Piping Hot: Choosing The Best Materials For Your Building's Hot Water Piping

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Harry's Home Improvement Blog

Hello, my name is Harry and this is my home improvement blog. Welcome! On this blog, I will be discussing many different home improvement and construction topics. I should explain that I am not a professional contractor. However, I have just come to the end of a home renovation project which took over 2 years to complete. During that time, I worked with dozens of different contractors in order to get my house into shape. I have spent hours working alongside plumbers, electricians, surveyors and roofing specialist. I learnt so much about their different trades that I decided to start this blog.


Piping Hot: Choosing The Best Materials For Your Building's Hot Water Piping

27 July 2017
 Categories: , Blog

Durable, reliable hot water piping is an essential component of any building, and is vital for providing your building's boilers, faucets and heating systems with all the heated water they require to function. With that in mind, great importance is placed in the materials used to make hot water piping, since it will have to endure the substantial strain of funnelling heated, pressurised water for extended periods throughout the day.

A number of materials are used to fabricate hot water piping, and all of them can be used effectively under the right circumstances. However, these materials have their own unique properties, pros and cons, so if you are having hot water piping installed in your building you should decide well in advance what material they will be made from. The most common hot water piping materials are listed below, along with the advantages and disadvantages:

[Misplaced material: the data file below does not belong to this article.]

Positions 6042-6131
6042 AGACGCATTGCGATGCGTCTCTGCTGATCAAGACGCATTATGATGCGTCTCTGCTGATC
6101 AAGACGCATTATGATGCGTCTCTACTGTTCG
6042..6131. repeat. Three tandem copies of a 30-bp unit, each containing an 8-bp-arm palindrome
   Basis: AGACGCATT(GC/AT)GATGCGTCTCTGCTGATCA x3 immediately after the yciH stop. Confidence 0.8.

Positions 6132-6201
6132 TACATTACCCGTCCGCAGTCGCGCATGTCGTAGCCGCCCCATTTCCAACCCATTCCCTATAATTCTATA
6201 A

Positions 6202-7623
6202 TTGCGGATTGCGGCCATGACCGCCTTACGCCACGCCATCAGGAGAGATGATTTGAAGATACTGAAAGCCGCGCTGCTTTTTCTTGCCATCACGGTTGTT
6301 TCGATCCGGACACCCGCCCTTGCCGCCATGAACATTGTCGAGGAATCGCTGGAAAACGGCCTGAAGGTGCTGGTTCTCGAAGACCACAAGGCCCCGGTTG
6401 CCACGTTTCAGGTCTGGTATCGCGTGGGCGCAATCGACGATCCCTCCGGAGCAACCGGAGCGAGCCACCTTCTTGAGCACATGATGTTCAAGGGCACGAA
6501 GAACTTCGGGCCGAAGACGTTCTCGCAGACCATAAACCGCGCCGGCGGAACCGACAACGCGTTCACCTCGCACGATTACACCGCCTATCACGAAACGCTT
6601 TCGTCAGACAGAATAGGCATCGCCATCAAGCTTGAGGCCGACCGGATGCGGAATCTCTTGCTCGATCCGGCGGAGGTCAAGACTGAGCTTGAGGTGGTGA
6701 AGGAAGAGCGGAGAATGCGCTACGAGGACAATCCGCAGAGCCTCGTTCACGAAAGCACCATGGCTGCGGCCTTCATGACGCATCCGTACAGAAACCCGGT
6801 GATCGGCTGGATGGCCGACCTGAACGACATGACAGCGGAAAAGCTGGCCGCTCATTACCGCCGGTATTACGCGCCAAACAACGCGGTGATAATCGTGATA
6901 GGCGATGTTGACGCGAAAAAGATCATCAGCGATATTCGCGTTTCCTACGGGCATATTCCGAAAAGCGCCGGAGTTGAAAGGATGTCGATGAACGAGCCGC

Long considered the gold standard of materials for both hot and cold water piping, copper has a number of properties that make it ideal for funnelling hot water. For starters, it is completely immune to rust, developing its own protective layer of oxide when it comes into contact with water. It is also very easy to work with, and particularly easy to bend using methods such as induction bending, so copper piping can be quickly fabricated to fit even the most labyrinthine of hot water systems. 

Unfortunately, copper is also one of the most expensive hot water piping materials, and fitting out a large building with piping made solely of copper can be prohibitively expensive -- using limited copper piping in vital areas alongside cheaper materials for less heavily-used piping is a common solution. Exposed copper piping also presents a very attractive target to scrap metal thieves.


Extremely strong and relatively inexpensive, steel hot water piping is a common choice for large buildings, as extensive piping networks can be fabricated and fitted on a relatively modest budget. The ease with which steel can be welded is a particular advantage, allowing pipe elbows, splitters and valves to be fitted and retrofitted very easily. The tremendous strength of steel also makes it highly suited to high pressure applications, excellent for pipes that have to transport hot water over longer distances.

However, unprotected steel will corrode very quickly when exposed to hot water, so if you choose steel piping it will need some kind of protective coatings to prevent the formation of rust. Galvanised coatings are a popular and inexpensive choice, and can last for several years before reapplication is required. Powder and thermoplastic coatings are more expensive, but can be expected to last much longer.

Stainless steel

Stainless steel essentially has (nearly) all the advantages of regular steel, while avoiding its one major disadvantage. The addition of small amounts of chrome to the steel during forging render it completely resistant to rust and corrosion, but this added chrome does not reduce the strength of the metal in any way.

This rust resistance sadly comes at a price, and you can expect to pay far more for stainless steel piping than identical pipes made from regular steel, even when factoring in the cost of applying coatings). Unlike conventional steel, stainless steel is also much more difficult to weld, requiring specialised training and tools to pull off effectively -- this can make elbows and junctions much harder to fit and more likely to fail. For more information, contact a business such as Degree C Pty Ltd.